Pacific news in brief for March 25

Pacific – climate

A major milestone was reached at the world’s highest court, the International Court of Justice, after the deadline for State written submissions closed last Friday, campaigners say.

The ICJ climate justice advisory opinion (ICJAO) aims to clarify international legal obligations countries have when it comes to safeguarding people from the impacts of climate change.

This follows the landmark resolution to seek an advisory opinion from the ICJ, adopted by consensus at the United Nations General Assembly in March last year, to see human rights and intergenerational equity placed at the forefront of climate decision-making.

A Greenpeace spokesperson said Pacific states have been at the forefront compiling their responses to the legal questions and gathering evidence.

Fiji – cooperation

A government minister says Fiji will continue police cooperation with China, but won’t have Chinese officers stationed inside its force.

Benar News reports a review was done of security relations.

Under its policing pact, Fijian police officers undertook training in China, Chinese officers had regular short-term deployments in Fiji, and China donated equipment and surveillance technology such as drones.

Fiji Home Affairs Minister Pio Tikoduadua told the ABC the memorandum of understanding with China’s Ministry of Public Security was unchanged following the review, but Fiji decides what it implements.

He said the government will reassess every six months.

Samoa – disaster

The US government has given US$2.6 million to Field Ready, a project to reduce disaster risk in the Pacific Islands.

Samoa’s Ministry of the Prime Minister and Cabinet said this project is set to assist at least 100,000 people across the Pacific, including 26,000 in Samoa.

The money is to support the roll-out of the third phase of this project, including the expansion of work in Samoa.

This will be done by strengthening local supply chains in Samoa and other island nations.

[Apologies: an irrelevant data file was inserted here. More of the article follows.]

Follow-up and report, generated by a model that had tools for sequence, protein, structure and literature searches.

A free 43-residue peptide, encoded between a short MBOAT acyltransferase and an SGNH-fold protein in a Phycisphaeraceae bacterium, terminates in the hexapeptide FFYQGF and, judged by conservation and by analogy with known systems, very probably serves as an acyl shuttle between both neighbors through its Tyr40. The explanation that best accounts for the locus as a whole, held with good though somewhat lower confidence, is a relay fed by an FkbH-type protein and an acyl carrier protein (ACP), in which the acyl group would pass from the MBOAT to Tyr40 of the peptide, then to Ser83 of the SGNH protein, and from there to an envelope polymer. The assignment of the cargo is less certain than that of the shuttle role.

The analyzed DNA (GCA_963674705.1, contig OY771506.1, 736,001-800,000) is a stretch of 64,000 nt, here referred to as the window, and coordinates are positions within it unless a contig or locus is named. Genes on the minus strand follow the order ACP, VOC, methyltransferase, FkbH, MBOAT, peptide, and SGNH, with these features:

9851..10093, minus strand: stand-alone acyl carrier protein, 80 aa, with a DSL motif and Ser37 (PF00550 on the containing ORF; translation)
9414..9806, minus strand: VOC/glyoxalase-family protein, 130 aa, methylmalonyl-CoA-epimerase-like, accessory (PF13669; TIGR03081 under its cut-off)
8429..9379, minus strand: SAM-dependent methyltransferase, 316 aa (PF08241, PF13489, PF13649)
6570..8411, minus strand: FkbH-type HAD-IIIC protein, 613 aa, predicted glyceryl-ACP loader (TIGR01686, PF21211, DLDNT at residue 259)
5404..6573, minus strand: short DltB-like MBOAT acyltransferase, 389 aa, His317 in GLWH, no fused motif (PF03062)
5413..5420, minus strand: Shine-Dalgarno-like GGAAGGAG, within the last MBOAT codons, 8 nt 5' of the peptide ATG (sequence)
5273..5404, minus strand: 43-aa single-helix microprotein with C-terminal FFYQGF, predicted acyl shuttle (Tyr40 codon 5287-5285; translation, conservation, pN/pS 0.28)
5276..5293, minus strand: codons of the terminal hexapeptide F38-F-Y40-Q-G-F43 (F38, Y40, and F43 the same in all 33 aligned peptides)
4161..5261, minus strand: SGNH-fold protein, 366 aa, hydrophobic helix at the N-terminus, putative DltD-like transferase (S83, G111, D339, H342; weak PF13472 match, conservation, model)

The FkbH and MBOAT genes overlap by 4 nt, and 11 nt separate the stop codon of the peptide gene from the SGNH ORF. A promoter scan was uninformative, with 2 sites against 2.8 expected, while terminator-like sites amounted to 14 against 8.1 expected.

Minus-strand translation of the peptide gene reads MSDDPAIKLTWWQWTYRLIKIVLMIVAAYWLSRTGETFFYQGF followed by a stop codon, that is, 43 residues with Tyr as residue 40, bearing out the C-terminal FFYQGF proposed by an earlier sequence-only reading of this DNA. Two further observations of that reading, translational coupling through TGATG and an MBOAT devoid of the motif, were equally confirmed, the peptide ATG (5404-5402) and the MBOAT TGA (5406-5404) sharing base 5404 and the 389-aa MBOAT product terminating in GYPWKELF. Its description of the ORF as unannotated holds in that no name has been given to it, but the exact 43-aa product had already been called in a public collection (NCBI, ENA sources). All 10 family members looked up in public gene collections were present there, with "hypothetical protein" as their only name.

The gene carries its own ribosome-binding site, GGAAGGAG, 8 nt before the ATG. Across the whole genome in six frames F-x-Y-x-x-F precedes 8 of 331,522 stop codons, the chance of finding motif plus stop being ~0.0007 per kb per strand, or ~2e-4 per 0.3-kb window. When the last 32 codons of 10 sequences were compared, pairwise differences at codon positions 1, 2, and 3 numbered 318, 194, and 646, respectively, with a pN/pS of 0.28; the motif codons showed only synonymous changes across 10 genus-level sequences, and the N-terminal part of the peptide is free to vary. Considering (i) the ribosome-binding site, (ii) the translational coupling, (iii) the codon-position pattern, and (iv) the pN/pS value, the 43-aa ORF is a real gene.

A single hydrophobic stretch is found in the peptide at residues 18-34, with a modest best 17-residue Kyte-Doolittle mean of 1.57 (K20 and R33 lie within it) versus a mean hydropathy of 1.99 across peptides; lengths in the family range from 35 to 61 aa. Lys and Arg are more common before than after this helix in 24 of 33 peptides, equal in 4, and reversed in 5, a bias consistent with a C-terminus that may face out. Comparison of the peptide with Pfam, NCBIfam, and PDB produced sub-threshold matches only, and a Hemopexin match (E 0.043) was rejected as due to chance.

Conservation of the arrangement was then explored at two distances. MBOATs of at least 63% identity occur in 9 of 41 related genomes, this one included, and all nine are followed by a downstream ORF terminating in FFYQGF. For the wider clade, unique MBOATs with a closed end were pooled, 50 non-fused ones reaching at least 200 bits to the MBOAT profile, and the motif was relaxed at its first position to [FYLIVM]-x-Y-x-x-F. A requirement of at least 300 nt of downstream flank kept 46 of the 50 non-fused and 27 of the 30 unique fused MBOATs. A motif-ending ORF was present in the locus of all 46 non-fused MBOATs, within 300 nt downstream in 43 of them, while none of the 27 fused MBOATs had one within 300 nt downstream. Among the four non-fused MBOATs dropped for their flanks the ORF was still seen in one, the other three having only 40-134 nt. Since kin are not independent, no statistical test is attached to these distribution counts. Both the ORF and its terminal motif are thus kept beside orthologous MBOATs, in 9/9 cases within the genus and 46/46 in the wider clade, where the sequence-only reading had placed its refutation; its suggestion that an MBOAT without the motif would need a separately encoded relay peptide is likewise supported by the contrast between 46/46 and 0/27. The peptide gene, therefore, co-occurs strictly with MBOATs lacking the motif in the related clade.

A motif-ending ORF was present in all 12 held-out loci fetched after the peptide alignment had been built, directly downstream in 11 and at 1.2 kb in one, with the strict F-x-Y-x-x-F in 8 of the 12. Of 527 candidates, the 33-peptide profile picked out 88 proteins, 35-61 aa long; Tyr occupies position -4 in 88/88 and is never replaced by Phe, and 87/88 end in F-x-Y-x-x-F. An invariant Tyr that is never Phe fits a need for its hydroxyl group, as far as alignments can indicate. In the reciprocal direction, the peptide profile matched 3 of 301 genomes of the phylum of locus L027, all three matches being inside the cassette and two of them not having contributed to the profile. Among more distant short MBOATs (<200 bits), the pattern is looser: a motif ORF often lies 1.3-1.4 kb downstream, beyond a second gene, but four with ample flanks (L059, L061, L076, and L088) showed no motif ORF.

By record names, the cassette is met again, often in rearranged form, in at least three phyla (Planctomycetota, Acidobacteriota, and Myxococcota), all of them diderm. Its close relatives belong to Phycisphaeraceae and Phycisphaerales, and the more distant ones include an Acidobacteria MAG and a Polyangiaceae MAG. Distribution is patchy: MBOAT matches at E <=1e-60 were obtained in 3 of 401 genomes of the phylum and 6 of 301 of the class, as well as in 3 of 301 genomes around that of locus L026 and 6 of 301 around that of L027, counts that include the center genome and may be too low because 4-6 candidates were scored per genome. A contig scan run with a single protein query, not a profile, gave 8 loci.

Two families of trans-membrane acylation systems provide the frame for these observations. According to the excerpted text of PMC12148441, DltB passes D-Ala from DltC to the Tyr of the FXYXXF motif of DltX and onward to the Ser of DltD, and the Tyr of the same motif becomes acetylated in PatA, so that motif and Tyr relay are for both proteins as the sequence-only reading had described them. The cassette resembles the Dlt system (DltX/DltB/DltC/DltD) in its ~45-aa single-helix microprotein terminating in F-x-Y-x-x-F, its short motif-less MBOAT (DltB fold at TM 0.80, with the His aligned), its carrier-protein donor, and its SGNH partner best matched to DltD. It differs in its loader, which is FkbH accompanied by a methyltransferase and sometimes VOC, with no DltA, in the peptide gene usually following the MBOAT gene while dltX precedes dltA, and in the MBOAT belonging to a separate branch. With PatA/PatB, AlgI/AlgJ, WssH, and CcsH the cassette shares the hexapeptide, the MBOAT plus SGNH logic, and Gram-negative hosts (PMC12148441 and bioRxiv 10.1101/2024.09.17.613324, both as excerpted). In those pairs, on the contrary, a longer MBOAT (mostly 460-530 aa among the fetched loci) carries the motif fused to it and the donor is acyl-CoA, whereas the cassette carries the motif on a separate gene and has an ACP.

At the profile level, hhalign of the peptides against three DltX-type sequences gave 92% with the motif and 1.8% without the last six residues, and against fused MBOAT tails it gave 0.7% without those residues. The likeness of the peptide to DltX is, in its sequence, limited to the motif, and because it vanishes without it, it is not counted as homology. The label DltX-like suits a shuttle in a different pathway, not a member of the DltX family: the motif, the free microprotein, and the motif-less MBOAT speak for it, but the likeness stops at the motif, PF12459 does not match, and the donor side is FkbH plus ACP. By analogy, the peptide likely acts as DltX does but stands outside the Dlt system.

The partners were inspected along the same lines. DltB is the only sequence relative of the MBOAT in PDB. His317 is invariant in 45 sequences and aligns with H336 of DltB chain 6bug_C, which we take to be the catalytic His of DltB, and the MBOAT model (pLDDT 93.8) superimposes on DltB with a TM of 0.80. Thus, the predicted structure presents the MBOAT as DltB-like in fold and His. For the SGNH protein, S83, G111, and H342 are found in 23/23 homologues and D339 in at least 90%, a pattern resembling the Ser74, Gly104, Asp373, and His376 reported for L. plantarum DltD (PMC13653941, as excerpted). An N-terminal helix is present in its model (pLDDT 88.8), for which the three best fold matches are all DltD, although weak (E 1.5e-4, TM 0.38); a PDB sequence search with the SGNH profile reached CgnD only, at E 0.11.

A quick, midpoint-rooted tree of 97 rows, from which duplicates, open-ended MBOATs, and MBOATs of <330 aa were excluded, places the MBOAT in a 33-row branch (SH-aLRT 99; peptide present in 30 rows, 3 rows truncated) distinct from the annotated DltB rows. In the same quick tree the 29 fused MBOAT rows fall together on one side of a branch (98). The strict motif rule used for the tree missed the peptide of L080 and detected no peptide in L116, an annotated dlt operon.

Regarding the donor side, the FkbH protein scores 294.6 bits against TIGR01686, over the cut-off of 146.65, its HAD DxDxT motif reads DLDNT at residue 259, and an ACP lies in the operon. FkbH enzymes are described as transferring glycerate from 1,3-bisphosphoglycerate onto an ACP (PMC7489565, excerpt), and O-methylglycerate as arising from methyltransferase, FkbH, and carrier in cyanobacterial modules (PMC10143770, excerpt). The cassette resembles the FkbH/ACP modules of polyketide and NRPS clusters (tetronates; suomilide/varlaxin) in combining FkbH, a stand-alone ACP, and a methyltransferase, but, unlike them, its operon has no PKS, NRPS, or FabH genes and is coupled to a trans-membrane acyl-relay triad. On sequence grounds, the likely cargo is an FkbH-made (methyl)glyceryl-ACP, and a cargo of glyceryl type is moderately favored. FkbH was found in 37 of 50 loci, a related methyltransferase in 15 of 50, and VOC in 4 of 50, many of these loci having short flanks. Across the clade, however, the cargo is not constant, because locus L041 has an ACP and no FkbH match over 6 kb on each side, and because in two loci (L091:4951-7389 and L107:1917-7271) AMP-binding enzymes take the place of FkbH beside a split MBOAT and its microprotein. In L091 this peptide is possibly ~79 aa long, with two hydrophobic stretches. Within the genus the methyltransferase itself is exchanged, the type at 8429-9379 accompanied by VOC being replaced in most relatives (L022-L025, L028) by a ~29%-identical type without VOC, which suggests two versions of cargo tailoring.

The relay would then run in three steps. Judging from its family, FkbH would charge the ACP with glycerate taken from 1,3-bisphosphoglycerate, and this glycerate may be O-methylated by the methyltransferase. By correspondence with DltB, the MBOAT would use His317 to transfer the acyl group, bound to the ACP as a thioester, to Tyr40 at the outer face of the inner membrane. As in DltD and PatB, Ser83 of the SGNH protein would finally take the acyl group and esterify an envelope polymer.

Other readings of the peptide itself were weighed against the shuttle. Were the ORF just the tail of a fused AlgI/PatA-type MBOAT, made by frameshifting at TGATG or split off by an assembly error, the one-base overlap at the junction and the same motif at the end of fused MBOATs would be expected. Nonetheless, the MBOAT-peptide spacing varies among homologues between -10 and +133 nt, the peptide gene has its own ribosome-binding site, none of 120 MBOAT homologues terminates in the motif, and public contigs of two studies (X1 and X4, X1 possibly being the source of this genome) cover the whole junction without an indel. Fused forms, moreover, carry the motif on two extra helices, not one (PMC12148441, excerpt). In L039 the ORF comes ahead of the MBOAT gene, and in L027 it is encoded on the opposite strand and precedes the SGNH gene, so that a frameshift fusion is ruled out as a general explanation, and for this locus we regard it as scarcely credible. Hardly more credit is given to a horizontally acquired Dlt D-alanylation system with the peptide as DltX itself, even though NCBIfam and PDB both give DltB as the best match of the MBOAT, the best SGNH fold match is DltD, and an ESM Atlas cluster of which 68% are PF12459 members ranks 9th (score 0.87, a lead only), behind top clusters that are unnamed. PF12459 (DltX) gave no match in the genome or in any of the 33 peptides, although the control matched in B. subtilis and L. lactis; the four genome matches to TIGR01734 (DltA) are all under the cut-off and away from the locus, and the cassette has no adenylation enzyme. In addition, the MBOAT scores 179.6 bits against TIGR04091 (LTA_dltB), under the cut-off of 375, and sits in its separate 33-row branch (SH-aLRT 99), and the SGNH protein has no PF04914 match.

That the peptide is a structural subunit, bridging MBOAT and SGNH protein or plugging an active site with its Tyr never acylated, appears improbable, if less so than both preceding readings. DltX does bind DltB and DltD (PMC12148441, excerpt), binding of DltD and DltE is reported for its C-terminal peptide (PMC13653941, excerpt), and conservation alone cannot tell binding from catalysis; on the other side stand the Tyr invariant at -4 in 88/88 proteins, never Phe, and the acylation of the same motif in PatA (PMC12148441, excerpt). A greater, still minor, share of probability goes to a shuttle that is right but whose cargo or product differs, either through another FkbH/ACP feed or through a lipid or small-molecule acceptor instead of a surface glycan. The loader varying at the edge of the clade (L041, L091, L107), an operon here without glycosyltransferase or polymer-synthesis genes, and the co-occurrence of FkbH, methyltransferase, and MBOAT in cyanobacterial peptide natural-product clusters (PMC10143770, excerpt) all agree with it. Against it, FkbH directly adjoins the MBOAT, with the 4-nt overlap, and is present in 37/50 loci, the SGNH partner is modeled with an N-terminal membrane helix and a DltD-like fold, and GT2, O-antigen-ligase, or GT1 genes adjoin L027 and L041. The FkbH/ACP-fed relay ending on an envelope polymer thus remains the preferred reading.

The programme operates from a regional hub in Fiji and is active across five Pacific countries: Samoa, Solomon Islands, Vanuatu, Kiribati, and the Marshall Islands.

Marshall Islands – hypersonic

The US Air Force has tested a hypersonic cruise missile in the Pacific for the first time.

CNN reported analysts said this is a signal to China that Washington still competes in a weapons arena where many perceive Beijing to have an advantage.

An Air Force spokesperson confirmed a B-52 bomber flying out of Andersen Air Force Base on the island of Guam fired “a full prototype operational hypersonic missile”.

The test of the hypersonic weapon was conducted at the Reagan Test Site on Kwajalein Atoll in the Marshall Islands, around 2,600 kilometres to the east of Guam.

The weapon consists of a rocket booster motor and the hypersonic glide vehicle, which carries a conventional warhead.

NZ – anti-corruption

A 10-member delegation from across the Pacific was in New Zealand last week aiming to strengthen capacities in ‘anti-money laundering and countering the financing of terrorism’.

The knowledge exchange included representatives from Financial Intelligence Units, as well as senior level law enforcement officials involved in the investigation of money laundering and corruption, from the Cook Islands, Fiji, Kiribati, the Marshall Islands, and Solomon Islands.

It is supported by the UK Government via the United Nations Development Programme Pacific (UNDP) Office in Fiji’s Pacific Anti-Corruption Project.

UNDP said a primary focus of the knowledge exchange is to build stronger networks for effective asset recovery, related to the proceeds of corruption.

Northern Mariana Islands – tourism

The Northern Mariana Islands is aiming to tap into visitor arrivals from Australia.

The Marianas Visitors’ Authority recently joined the Brand USA Australia Roadshow to meet with travel trade representatives in Sydney, Melbourne and Brisbane.

The US Department of Transportation controls the number of passenger flights from China to the entire United States.

Prior to the COVID-19 pandemic, China was the second largest source market of visitors to the CNMI, behind only South Korea, with multiple direct flights a week from five cities.

According to the news on Radio New Zealand

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